Problematising the Critical Realist Positional Approach to Intersectionality

By Ioana Cerasella Chis
2016, Vol. 8 No. 02 | pg. 2/3 |

Applying Critical Realism to Intersectionality

This section illustrates how CR’s methodology undermines the lived experiences of individuals, in its quest to advance an abstract theory of society. Despite the authors’ critique of positivism and identity-centred intersectionality for their static definition and separation of categories (451), CR itself separates and reifies categories at the abstract level, having rigid conceptualisations of systems of inequality (Cruickshank 2010:584-585). As such, considering oppression and privilege the two emergent properties of ‘intersections of social categories’ (462) is truistic, resting upon the constraint-enablement dualism. Simply acknowledging privilege by its beneficiary is not enough, unless one acts upon it; otherwise, recognising privilege becomes yet another ‘ornamental’ gesture towards liberal politics.

Martinez et. al. account for inequality positively (as opposed to normatively) by treating categories as ‘abstract starting points’ (464). Thus, despite their seeming agreement with Nash that categories are ‘shifting, slippery, [and] highly contextual’ (451), they do not engage with the complexity of intersectionality without first identifying categories and box-fitting agents. In this respect, it is important to consider that racism and sexism are often defined by white women or black men, rendering the experiences of black women invisible (Crenshaw 1991:1252; hooks 1984:26): ‘feminist universalist theories are unable to identify female Blackness, while universalist theories of race are unable to specify Black femaleness’ (Geerts and van der Tuin 2013:173).

This universalism is found in Martinez et. al. who state that women have common interests, with the implication that gender is a stable category of analysis (Barker 2003:104): ‘women are a real group, joined by the abstract social category of “woman”’ who ‘may have some universal interests despite the reality of heterogeneity’ (458). An example which counters this assumption of commonality is that women in the Global South may ‘side’ with men and reject Western feminism as oppressive, due to its advocates’ benefitting from the exploitation of people in the Global South (hooks 1984:18).

Even more, the distinction between ‘women’ as a real group and ‘woman’ as an abstract social category resembles the realist distinction between sex and gender made by Willmott (1996) on the basis of the nature/society hierarchical dualism. In his view, sex is associated with nature, whilst gender is a social construct (Hood-Williams 1997) although sex is also socially constructed (Peterson 2014). Indeed, ‘sisterhood cannot be assumed on the basis of gender; it must be forged in concrete, historical and political practice and analysis’ (Mohanty 1986:339).

Within CR, the fear of the epistemic fallacy leads to the construction of fixed categories. Thus, it is assumed that systems such as capitalism and patriarchy are separable and have distinguishable causal powers: ‘capitalism and patriarchy are two contingently interacting systems, either of which could exist without the other’ (Sayer 2000:707-8). According to Sayer (2000:716-717) and Willmott (2007:5-6), capitalism and patriarchy may occur together, but they must be defined as separate structures by abstraction, so co-occurrence is nothing more than a contingent link. This separation is also to be found in Martinez et. al.:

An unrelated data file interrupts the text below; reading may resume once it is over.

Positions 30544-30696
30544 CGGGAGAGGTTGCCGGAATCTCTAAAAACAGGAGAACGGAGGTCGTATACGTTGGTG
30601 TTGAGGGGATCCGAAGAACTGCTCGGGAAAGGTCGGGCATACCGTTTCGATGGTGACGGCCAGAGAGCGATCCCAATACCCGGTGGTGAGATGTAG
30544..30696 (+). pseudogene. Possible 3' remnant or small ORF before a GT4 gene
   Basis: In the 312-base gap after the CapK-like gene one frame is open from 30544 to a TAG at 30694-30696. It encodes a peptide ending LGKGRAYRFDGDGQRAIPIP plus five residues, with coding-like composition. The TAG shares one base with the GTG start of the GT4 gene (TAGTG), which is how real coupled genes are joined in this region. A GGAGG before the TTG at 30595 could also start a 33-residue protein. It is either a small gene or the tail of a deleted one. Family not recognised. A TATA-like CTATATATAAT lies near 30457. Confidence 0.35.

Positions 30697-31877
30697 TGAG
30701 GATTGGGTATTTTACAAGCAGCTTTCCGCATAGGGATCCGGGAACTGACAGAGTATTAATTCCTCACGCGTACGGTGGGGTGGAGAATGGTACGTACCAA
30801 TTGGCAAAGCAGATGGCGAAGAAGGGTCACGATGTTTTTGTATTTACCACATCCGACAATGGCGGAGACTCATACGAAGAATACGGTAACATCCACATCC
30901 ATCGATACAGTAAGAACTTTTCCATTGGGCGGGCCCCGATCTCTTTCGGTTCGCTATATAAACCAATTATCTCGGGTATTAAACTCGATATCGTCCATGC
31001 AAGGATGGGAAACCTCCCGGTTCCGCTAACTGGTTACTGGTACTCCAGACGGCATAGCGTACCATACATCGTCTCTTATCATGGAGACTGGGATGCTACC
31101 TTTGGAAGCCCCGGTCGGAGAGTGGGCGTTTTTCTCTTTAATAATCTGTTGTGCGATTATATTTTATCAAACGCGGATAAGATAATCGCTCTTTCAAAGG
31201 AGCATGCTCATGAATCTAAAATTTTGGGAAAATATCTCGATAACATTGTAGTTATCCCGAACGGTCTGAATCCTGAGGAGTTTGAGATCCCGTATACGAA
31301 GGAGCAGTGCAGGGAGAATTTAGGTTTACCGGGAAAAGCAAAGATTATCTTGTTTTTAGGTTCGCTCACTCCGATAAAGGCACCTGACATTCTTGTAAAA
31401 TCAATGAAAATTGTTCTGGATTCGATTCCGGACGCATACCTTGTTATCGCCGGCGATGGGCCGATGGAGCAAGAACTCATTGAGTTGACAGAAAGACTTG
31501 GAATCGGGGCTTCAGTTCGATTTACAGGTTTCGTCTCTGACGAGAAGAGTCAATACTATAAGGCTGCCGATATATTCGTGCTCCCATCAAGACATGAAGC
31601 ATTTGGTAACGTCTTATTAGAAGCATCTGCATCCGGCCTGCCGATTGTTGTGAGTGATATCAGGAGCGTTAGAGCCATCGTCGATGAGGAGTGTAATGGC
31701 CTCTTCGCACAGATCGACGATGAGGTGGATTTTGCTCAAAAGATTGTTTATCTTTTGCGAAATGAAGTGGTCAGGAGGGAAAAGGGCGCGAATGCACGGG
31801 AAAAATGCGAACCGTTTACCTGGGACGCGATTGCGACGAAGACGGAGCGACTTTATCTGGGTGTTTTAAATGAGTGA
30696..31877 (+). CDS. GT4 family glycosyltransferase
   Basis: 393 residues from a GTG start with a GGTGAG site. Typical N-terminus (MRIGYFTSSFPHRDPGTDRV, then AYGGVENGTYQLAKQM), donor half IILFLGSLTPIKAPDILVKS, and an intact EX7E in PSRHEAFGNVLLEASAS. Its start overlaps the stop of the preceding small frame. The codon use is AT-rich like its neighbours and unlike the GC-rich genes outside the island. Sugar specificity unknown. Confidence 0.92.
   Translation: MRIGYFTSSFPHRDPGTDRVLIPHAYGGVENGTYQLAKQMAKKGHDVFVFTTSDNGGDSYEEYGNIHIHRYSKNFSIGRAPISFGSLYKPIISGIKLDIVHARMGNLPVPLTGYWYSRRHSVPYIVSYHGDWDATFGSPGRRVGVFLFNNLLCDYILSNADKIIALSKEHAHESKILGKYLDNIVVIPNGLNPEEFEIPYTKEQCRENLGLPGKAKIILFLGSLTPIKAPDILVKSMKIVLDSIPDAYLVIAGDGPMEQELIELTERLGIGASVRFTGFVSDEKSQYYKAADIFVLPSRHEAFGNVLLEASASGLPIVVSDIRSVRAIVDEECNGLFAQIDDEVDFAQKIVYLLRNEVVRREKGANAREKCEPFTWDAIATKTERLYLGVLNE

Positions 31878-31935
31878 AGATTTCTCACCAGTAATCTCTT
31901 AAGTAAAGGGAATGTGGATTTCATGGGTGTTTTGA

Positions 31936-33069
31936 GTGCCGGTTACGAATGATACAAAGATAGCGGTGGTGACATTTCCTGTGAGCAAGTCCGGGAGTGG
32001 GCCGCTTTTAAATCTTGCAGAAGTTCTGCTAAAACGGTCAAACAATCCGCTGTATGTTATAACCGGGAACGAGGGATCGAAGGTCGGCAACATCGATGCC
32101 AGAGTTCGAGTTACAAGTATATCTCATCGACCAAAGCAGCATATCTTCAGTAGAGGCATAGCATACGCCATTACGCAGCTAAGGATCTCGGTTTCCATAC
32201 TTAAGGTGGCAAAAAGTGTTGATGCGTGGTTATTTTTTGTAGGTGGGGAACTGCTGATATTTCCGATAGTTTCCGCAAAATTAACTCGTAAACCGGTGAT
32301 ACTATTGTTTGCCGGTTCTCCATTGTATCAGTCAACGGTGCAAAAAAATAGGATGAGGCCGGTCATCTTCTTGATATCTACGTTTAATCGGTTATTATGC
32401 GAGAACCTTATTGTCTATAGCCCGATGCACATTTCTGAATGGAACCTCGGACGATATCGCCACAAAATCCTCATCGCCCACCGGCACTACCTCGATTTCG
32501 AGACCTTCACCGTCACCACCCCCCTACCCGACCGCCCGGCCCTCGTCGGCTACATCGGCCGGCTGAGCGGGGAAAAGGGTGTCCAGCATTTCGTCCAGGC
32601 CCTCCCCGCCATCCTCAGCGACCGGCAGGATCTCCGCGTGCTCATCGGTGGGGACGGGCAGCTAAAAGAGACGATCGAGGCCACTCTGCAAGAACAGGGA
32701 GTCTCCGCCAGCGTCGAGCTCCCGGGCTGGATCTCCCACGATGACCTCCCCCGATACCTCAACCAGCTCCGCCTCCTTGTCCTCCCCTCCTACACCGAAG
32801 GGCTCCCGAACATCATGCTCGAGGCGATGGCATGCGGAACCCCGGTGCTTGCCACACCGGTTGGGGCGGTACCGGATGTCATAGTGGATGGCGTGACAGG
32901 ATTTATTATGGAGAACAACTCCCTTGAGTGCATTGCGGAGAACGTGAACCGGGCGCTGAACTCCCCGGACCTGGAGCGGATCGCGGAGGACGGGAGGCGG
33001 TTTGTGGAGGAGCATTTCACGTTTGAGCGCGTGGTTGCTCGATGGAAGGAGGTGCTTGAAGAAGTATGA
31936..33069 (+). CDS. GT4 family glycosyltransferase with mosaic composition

The notion of misogynoir, defined as the hatred of black women and girls, is […] structurally emergent from the interactions of racism and sexism (463 – italics in original).

The authors do not offer substantive explanation about the contingent interplay between the social categories considered to be part of intersectionality. I argue that ‘misogynoir’ may be analytically useful to illustrate the concrete practices and experiences of oppression - it is not simply the interaction between two separate and contingent ‘mechanisms emergent from the level of society’ (462). It follows that in the paper too, systems of oppression are a priori defined, contra experience, as separate (Tsilipakos 2015:27; Holmwood 2014:1), but ‘patriarchy’ on its own has very little explanatory weigh and political meaning.

Moreover, in Sayer’s work we find a distinction between (unchanging) ‘systems’ which ‘go beyond the subjective experience of actors’ (2000:711) and (changing) ‘lifeworld’ (lived experience) (2000:710). Holmwood goes against the transfactual reference to abstract structures, inviting us to look at empirical problems and how they are connected, to realise that necessarily, capitalism is patriarchy: ‘whatever is systematic is also embodied and what is embodied is also systematic’ (2001:961-962). Starting explanations of oppression with a meta-theoretical analysis of abstract categories which are ‘mutually shaped by, and shaping, each other’ (464), and having a framework for research, do not necessarily lead to the most insightful questions (Kemp 2005:171).

Critical Realism’s Scientific Illiteracy

The political underpinning of critical realism's intersectionality is not stated in the paper, nor do the authors make clear in whose name, how, and for whom CR intersectionality speaks, and what the role of the (CR) researcher is. Postcolonial theorists point to the ‘forgetting of Time and Self’ when the founders of CR are considered the principal developers of a theoretical framework to which anything else comes after, or is a referent (D’Souza 2010:266), and pose a crucial question to CR: ‘how can the “native informant” be known, or understood, or heard?’ (2010:271).